Meanwhile, the architect, who has a tremendous liability on a given project, is keenly interested in the nuts and bolts: load-bearing values, thickness, weights, UV exposure concerns and ADA issues. The designer, on the other hand, is interested in creating atmosphere through design elements such as color, texture, size and placement. “All projects need the architect as well as the designer,” notes Smith. “It’s our duty, when working with a designer, to compassionately convey the structural requirements during the design process, while at the same time taking intro consideration the design aspects when speaking to the architect. After all, the architect and designer share the common goal of creating a finished product based on the client’s vision. It takes a tremendous amount of courage and patience — and communication — to design toward the client’s dream, and to feel confident that the other key players have the knowledge to achieve that dream.”
The concrete application specialist’s responsibility is to assess the variables, learn the client’s desired concept, and communicate them to the architect and designer, Smith says. “It takes a lot of patience and a lot of time to really listen to people and try to understand exactly the language they’re speaking. The successful contractor is, in effect, a translator who is fluent in the multiple languages spoken by the project’s key players. One of the certainties I’ve discovered about concrete is this: Everything you construct takes a significant amount of orchestrating and networking, with the involvement of talented people, in order to get great results. No way is this a one-man job. Those who say they’re in business by themselves are immediately labeling themselves as not as good as they claim to be.”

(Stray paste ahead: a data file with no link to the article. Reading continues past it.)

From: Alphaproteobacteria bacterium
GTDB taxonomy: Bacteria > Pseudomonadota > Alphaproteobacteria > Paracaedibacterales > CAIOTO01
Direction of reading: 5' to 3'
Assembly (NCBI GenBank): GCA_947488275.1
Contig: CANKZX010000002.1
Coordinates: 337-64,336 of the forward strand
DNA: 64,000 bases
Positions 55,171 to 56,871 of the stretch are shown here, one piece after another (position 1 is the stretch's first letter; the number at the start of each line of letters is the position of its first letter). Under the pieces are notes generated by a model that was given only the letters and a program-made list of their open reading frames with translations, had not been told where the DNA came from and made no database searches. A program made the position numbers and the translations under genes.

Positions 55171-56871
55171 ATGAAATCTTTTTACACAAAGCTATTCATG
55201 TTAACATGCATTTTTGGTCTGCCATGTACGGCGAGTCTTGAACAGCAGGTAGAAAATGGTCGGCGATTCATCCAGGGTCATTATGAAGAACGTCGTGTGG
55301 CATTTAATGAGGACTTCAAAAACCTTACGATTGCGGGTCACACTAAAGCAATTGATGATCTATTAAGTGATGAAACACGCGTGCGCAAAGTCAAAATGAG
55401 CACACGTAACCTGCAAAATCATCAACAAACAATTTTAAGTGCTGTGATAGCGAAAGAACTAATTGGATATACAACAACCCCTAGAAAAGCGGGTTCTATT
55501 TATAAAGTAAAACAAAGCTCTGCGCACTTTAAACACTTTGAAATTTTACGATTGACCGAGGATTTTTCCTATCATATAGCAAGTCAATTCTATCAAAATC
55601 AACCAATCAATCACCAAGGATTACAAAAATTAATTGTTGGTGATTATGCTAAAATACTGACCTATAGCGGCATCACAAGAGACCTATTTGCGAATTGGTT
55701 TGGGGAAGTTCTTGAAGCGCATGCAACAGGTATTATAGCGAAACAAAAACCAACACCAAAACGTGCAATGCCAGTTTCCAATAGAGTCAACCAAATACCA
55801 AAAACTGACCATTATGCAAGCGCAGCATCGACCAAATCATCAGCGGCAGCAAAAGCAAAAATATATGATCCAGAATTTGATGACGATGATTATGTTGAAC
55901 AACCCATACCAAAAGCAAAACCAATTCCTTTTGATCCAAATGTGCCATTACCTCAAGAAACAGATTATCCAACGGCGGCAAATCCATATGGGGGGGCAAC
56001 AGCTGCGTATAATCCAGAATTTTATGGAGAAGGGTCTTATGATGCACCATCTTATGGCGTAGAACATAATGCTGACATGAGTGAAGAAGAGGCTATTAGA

Another rule of a successful business, Smith maintains, is the same as the Boy Scouts’ motto: Be prepared. “Concrete is one of a very few things on this planet that is unstable and has a life of its own. Concrete is a volatile material. It tells us what it’s going to do; we do not dictate what we want it to do. We can add all the chemicals, reinforcing agents, retardants and accelerants, but sooner or later, it’s going to blow up on you. It’s going to fail. So you have to be prepared, not only with what you’re specifically trying to do, but for any eventuality, because concrete has so many variables. Do you have enough iced water on hand? Do you have extra manpower? Are all the necessary tools on site? What if the weather changes for the worse? Preparation is the key.”
Smith, whose father was in construction, started working in concrete after high school, but he found it to be very difficult work and instead chose to pursue his dream to become a fireman or paramedic. “I had a calling to help people. I really wanted to do my part in helping our society. I had the honor of working as a volunteer with several different local fire departments in California. I saw things so awful you can’t describe them, and I soon learned I wasn’t cut out for that. I don’t have thick enough skin to see the things these firemen see nearly every day.”